PLYMOUTH, Minn. — There’s snow on the ground, evident from the 10th story window of Brad Darling’s Minneapolis area office, in early December.
The noncurrent inventory of Arctic Cat’s snowmobiles is down significantly from past years, the dealer network is much more stable than what it was a year ago and there are e-mails streaming into Darling’s office providing bits and pieces of positive retail news.
So even with an uncertain economy swirling around the nation, Darling will step into Arctic Cat’s lead snowmobile role with plenty of positive tailwind.
“If there ever was a right timing for me to step into this GM/VP role, it’s now,” he said. “It’s great.”
That doesn’t mean there aren’t challenges going forward for Darling, who fills some immense shoes, those left by departing CEO Christopher Twomey, whose contributions to the industry resulted in him being named to the Hall of Fame.
Darling, the head of the Cat sled division starting Jan. 1, is a lifelong industry member, having been raised in dealerships in Canada as his parents owned three shops there. He has spent the past 10 years with Arctic Cat, including the past two and a half as its North American sales director for both its ATV and sled divisions.
Starting the first of the year, Darling’s focus will narrow to the sled market, an area where the company has focused on reducing dealer inventory while building market share.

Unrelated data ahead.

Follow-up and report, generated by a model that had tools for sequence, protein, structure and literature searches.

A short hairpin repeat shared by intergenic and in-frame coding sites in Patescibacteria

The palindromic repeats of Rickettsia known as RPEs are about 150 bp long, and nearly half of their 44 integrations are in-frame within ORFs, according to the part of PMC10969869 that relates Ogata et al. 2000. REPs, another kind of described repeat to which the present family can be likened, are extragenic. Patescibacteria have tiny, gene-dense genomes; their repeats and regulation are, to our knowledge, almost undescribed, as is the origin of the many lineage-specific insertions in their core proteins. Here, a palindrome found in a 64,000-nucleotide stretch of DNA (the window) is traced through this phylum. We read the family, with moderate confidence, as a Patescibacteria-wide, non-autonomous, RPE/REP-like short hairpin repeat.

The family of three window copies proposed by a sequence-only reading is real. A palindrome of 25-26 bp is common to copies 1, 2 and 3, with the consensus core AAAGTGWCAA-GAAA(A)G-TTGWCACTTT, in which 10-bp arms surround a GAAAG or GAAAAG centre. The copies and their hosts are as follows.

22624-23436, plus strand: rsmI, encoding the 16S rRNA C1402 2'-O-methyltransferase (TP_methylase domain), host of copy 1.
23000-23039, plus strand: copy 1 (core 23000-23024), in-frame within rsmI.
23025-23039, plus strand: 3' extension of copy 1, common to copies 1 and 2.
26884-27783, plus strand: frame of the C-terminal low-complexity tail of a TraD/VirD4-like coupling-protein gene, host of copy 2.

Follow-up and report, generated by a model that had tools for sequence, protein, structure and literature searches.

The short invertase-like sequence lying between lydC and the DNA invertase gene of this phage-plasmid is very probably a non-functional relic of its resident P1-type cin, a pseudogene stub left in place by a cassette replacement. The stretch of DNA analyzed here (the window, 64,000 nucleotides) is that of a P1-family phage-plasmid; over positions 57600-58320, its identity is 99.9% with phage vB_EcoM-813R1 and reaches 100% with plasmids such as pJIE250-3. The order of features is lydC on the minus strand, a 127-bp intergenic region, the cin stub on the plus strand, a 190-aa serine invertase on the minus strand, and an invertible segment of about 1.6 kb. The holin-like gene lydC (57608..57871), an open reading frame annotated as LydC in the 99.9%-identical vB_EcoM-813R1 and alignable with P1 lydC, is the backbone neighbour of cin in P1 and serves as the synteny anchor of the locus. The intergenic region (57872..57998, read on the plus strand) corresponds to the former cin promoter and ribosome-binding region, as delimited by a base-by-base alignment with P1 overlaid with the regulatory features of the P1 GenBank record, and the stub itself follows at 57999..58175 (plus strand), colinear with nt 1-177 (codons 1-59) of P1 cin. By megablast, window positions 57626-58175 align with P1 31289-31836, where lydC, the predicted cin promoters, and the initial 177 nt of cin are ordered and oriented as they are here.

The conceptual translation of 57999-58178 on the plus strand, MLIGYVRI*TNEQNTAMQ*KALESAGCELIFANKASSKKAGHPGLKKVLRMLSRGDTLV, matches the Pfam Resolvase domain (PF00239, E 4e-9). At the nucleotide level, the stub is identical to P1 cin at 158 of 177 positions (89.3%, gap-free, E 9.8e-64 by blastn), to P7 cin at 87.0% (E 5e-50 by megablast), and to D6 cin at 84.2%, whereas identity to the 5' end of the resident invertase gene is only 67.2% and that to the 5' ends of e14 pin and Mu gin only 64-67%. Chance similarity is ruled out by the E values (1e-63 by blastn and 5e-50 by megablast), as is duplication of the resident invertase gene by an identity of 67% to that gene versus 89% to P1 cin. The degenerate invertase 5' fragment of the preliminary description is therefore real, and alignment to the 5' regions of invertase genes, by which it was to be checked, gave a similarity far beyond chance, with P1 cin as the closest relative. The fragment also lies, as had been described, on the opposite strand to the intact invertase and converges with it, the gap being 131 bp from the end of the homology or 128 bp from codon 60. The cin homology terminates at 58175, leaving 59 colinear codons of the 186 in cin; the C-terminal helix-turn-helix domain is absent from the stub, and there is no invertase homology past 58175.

“We gained a lot of momentum in the West,” Darling said of the company’s retail sales. “Part of that is not just product. We will continually produce innovative product but we’ve concentrated the past two years on our dealer network.”
Part of that network focus has been providing more data so dealers can have a better understanding of their local market.
“We’ve really started talking to them about segments,” he said, “making sure they have the right product to meet the retail demands.”
Sometimes that means educating a dealer on a part of the market that traditionally has not been as strong, but still offers plenty of opportunity. So a dealer who has traditionally sold mostly performance-oriented sleds, an Arctic Cat mainstay, may need to look harder at the area touring market.
“When you show an independent businessperson opportunity, that’s why they’re in business,” Darling said. “Because they really do want opportunity.”
Besides better defining individual local markets, Darling and staff will focus on shifting dealer concentration from simply moving units, to moving them at a more profitable margin.
“The challenge is to overcome emotion,” he said. “A dealer’s emotion is, ‘You know what, I want more F8s.’ And we’re saying, ‘You can’t have any more F8s because if you have any more, they’re going to sit over and be noncurrents next year. And we know the profit is in currents.’”
“The bottom line is we need to get our dealers profitable again,” he said. “That’s going to be a large focus on my part.”